Yep can relate to this too. For example this morning we have been shoe shopping for DS hmm not one of my or his fave past times I can assure you. As per usual he bounced off the walls or me, made silly noises and was generally like a firework zipping here there and everywhere. Laid down when the lady fitted his shoes and then said loudly "mummy I haven't got TIME for this!" when asked to stand up.......blush The lady who was fitting the shoes was looking a bit odd at him and I knew what she was thinking as I was calmly telling him to calm down etc etc so I said to her "I'm sorry he is being difficult but he has ASD and he finds shoe shops particularly hard to cope with." She visibly chilled and suddenly started acting different and really nicely towards DS. Even gave him a sticker for being so 'brave' and some little trump card thingys. In this instance I was glad I said something.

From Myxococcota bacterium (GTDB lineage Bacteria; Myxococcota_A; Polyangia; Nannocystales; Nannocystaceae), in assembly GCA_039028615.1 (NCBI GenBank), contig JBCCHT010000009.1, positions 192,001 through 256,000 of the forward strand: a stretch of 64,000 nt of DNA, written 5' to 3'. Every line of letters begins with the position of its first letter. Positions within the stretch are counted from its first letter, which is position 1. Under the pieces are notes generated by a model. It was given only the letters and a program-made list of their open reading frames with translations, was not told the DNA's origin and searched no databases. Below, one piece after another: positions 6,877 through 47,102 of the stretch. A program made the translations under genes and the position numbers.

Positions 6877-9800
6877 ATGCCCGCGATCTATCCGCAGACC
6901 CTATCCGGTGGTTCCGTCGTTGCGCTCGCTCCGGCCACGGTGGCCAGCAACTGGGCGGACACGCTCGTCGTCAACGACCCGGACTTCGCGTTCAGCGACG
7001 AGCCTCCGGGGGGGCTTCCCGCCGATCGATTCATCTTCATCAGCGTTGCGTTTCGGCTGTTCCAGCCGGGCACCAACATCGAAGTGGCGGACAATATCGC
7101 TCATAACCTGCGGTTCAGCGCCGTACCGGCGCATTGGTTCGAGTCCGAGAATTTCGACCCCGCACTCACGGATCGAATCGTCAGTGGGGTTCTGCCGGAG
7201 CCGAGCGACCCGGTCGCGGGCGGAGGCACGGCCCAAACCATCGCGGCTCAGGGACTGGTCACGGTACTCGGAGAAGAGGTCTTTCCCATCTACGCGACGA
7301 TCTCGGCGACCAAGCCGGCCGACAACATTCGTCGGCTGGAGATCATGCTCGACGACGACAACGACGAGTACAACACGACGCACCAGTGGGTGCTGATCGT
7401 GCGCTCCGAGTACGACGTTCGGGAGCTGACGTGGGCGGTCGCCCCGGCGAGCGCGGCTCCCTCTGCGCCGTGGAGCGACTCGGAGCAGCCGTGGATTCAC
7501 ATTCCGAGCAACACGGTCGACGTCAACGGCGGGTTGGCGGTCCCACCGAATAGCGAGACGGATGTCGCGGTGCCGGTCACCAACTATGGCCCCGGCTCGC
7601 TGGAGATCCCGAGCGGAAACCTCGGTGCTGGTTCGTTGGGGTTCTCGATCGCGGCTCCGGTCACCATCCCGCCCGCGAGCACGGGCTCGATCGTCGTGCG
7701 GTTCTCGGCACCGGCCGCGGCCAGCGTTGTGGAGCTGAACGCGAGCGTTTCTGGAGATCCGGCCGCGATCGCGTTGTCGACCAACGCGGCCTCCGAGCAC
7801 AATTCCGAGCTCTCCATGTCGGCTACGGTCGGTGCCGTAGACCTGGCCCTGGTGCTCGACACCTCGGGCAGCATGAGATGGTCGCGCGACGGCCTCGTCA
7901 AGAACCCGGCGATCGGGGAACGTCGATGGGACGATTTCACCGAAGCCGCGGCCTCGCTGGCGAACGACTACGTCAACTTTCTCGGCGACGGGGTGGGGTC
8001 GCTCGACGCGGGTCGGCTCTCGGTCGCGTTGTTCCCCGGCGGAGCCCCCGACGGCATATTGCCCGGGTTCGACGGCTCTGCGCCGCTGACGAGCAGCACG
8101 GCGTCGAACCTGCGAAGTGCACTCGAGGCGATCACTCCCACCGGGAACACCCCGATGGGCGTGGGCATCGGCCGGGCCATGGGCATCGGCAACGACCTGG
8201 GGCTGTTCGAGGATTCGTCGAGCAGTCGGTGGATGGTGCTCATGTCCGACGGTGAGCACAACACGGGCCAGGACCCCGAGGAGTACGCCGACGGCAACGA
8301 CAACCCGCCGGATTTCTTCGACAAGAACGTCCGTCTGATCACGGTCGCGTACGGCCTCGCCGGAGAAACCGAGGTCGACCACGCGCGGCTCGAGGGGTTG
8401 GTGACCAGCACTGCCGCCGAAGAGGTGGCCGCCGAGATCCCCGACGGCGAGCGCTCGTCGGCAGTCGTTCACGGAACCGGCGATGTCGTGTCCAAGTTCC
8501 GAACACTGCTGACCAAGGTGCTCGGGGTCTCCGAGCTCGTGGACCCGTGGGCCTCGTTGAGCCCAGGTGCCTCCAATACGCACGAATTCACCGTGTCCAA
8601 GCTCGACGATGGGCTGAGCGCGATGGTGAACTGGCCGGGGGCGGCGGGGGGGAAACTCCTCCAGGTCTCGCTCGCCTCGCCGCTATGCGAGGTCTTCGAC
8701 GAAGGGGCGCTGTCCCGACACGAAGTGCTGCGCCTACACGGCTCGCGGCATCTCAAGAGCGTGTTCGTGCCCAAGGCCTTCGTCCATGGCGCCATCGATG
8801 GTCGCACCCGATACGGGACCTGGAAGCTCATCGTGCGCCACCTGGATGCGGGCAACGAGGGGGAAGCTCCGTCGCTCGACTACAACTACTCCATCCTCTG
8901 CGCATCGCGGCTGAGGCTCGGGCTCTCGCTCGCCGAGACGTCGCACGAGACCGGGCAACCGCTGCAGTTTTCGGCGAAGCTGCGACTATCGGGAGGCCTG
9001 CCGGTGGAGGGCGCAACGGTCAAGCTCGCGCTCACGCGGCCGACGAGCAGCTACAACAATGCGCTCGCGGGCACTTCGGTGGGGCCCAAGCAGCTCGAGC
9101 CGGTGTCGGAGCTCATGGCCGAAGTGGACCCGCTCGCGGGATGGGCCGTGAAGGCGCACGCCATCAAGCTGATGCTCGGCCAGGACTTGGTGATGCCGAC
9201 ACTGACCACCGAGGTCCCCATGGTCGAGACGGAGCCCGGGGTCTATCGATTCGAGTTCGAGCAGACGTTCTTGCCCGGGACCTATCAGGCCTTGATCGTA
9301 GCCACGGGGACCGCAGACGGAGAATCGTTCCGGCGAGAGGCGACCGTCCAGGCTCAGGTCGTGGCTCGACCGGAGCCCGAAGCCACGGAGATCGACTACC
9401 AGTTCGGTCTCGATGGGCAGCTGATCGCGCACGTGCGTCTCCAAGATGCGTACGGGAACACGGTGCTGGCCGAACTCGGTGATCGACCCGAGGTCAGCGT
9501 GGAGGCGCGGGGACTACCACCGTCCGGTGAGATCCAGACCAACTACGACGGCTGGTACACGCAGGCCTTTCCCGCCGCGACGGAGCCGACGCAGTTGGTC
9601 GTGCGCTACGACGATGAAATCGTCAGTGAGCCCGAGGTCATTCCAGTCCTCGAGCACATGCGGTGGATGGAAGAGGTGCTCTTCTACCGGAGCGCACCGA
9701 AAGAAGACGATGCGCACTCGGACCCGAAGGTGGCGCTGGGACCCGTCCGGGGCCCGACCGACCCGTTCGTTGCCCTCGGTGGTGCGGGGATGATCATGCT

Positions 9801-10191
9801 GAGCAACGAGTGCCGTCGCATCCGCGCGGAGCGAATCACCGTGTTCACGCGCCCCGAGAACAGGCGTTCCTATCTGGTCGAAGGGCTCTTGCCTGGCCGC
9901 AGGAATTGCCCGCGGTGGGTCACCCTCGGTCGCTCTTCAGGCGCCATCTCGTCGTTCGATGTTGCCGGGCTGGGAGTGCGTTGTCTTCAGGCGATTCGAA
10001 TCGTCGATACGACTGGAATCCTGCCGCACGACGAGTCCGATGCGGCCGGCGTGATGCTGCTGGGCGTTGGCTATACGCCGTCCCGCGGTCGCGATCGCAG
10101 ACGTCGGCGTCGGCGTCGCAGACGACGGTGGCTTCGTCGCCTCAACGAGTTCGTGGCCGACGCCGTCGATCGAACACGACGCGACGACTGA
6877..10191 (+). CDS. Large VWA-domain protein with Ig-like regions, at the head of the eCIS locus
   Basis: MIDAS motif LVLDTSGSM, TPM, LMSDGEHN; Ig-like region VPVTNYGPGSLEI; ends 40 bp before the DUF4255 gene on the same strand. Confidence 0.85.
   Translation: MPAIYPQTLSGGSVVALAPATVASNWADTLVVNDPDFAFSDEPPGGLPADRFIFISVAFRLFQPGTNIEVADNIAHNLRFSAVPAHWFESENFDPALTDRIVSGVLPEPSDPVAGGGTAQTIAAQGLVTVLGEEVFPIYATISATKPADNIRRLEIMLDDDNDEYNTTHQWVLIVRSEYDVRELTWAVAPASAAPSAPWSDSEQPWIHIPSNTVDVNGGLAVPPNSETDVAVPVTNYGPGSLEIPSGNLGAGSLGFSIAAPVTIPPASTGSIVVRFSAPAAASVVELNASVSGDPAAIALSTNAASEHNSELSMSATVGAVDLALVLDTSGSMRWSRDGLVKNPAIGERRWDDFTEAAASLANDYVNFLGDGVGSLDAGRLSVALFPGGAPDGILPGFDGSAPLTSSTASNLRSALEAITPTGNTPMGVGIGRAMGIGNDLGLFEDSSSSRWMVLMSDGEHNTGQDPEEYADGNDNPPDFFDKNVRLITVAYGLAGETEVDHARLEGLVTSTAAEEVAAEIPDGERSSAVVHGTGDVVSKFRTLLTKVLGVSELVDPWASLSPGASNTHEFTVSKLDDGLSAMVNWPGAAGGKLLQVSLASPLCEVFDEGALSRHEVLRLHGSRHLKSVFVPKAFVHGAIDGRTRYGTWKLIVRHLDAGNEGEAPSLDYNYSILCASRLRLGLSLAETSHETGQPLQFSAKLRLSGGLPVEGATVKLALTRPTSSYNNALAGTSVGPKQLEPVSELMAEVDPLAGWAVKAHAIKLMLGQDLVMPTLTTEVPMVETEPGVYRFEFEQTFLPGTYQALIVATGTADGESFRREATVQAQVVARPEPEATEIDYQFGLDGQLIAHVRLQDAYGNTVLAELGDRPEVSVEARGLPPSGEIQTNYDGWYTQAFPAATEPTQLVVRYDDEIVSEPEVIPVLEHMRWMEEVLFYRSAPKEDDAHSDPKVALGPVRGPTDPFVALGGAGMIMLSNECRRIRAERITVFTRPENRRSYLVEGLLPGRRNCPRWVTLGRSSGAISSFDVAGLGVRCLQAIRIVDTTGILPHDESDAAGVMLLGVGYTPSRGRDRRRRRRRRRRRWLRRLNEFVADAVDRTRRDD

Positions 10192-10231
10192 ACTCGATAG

However, in Sainsburys this morning (DS loads better in there now) we bumped into a friend of mine he didn't know and instantly he switched. Went commando crawling along the floor, barking like a dog and generally being DS when he is 'uncomfy' in a social situation. This lady hadn't met DS before and therefore knew nothing about him but for some reason I didn't feel the need to explain his behaviour away. I just commented "aren't the summer hols fun?" grin She laughed and said "typical boy eh?". As soon as she has gone he was back towards being a bit more NT, iykwim.

I did feel embarressed in both situations but dealt with them differently. Am getting there very slowly with accepting his behaviour in public and as long as he isn't doing anything dangerous I tend to let it ride within reason. It is embarressing though when they don't say hello which seems so flipping simple to do. He is brilliant at saying goodbye though so I make a big fuss about him saying goodbye which always leaves a more pleasant feeling that the hello did lol!!!

Barmymummy Tue 28-Jul-09 16:12:15

Sorry meant to add that at Xmas by DS would never have replied to anyone asking him his name or age without shouting GO AWAY or hiding behind me. However, a few months on and with increased speech skills he will more often than not answer them now so have faith, I am sure he will learn this in time.